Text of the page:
There are many telltale signs that staff members are resisting change. They may complain more than usual, miss key meetings or bluntly refuse to participate in new initiatives. It’s important to recognize when resistance is becoming an issue, but it’s even more important to understand why your employees are pushing back in the first place. The most common causes of resistance include:
By identifying why employees are resisting change, you can better decide how to overcome resistance to change head-on. If lack of awareness or fear is the problem, greater communication and discussion groups may help. If change has failed in the past, and employees aren’t confident this time will be different, you can discuss specific ways the organization has learned from its mistakes and how it plans to use this insight to successfully implement new initiatives.
You cannot successfully implement change without support from all levels of business. Your employees take cues from the executive team, and if leadership doesn’t adhere to the plan for change management, it’s very likely your employees won’t either. Encourage company leaders to set an example, and the rest will follow.
By clearly and concisely explaining why the change is taking place, how it will impact each employee’s job and exactly what is expected of each employee before, during and after rollout—nothing is left to question.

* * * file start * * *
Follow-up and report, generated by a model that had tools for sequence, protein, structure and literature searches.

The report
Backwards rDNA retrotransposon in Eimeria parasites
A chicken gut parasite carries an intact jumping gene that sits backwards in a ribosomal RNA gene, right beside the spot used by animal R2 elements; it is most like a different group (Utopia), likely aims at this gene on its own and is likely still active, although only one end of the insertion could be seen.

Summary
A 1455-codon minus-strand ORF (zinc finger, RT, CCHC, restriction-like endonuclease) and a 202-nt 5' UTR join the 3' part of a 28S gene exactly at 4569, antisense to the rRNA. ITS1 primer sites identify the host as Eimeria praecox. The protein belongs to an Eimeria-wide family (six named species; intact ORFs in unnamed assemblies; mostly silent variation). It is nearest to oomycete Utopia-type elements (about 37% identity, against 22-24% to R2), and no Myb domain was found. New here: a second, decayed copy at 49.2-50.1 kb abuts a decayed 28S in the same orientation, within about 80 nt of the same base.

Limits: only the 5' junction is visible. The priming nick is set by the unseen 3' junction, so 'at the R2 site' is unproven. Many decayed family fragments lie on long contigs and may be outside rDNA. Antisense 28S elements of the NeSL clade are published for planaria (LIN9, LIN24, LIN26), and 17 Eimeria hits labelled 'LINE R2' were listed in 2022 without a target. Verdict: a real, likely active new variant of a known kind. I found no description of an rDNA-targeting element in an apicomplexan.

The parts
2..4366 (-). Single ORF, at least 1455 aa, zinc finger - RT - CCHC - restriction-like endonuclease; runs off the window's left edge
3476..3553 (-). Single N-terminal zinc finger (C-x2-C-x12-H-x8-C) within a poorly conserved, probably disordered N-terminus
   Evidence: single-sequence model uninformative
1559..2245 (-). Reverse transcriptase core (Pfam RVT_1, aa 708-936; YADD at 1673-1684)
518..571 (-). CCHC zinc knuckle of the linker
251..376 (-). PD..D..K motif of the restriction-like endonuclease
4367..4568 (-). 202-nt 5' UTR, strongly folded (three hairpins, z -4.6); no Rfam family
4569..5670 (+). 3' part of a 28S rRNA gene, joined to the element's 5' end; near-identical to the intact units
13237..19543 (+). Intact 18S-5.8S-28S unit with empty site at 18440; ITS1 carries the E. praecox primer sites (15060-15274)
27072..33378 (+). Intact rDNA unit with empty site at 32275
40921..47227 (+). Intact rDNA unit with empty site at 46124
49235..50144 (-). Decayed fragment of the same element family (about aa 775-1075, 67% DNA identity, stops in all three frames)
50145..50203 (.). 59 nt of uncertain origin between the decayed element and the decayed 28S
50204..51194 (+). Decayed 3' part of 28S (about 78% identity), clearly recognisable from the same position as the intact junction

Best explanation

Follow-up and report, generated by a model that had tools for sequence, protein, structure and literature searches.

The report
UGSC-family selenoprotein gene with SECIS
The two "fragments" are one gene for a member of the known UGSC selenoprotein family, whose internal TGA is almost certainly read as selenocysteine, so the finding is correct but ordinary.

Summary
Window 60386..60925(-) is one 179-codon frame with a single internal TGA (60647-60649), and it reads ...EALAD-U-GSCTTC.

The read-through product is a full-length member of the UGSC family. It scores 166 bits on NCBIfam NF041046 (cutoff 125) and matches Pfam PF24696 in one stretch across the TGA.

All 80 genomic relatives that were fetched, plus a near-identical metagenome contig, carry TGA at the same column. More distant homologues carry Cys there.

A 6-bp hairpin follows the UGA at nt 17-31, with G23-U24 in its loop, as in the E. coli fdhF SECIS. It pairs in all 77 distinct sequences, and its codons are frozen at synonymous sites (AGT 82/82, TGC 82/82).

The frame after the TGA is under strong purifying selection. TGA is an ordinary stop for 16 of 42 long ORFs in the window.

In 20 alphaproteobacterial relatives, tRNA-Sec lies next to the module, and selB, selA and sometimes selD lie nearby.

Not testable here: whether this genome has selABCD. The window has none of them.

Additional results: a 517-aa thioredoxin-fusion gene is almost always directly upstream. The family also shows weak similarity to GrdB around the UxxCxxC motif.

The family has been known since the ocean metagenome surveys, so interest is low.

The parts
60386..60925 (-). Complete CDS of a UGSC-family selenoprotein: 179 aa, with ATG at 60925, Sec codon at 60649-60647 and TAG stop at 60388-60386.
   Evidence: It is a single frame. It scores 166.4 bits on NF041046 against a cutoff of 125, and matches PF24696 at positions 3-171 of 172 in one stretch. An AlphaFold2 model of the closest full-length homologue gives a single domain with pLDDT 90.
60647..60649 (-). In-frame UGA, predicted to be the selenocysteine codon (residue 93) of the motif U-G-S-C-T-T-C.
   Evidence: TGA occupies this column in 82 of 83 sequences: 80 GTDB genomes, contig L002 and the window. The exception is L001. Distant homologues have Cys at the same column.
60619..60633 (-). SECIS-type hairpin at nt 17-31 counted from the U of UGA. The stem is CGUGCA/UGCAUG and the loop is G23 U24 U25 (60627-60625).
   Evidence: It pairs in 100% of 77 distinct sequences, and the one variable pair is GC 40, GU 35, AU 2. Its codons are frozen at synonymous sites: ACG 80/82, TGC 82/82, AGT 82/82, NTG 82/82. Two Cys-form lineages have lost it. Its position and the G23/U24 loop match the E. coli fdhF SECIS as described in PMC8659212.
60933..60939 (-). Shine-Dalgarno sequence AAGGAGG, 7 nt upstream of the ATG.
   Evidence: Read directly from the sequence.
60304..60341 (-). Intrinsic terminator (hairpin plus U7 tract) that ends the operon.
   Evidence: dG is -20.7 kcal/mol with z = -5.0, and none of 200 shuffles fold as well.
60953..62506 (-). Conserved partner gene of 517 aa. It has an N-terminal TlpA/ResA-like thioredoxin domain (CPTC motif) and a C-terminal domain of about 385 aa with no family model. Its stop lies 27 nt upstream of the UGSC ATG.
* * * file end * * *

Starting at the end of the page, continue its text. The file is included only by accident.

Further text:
But simply stating the obvious isn’t enough. Leaders need to make a conscious effort to speak to individuals in the way they prefer. To this end, make certain communication technologies are in place for those who wish to utilize them. It’s also important not to discount how quickly older generations have adapted to technology. Sometimes, all they need is a little training to feel more comfortable using new tools.
Failed attempts to change aspects of your business process will have a negative effect on how employees view future initiatives. If you’re going to make a change, make sure you’re doing everything in your power to ensure it’s successful and set realistic timelines. Many companies fail to successfully implement change because they overload employees and expect near-immediate gratification. The reality of change management boils down to one fact: It takes time.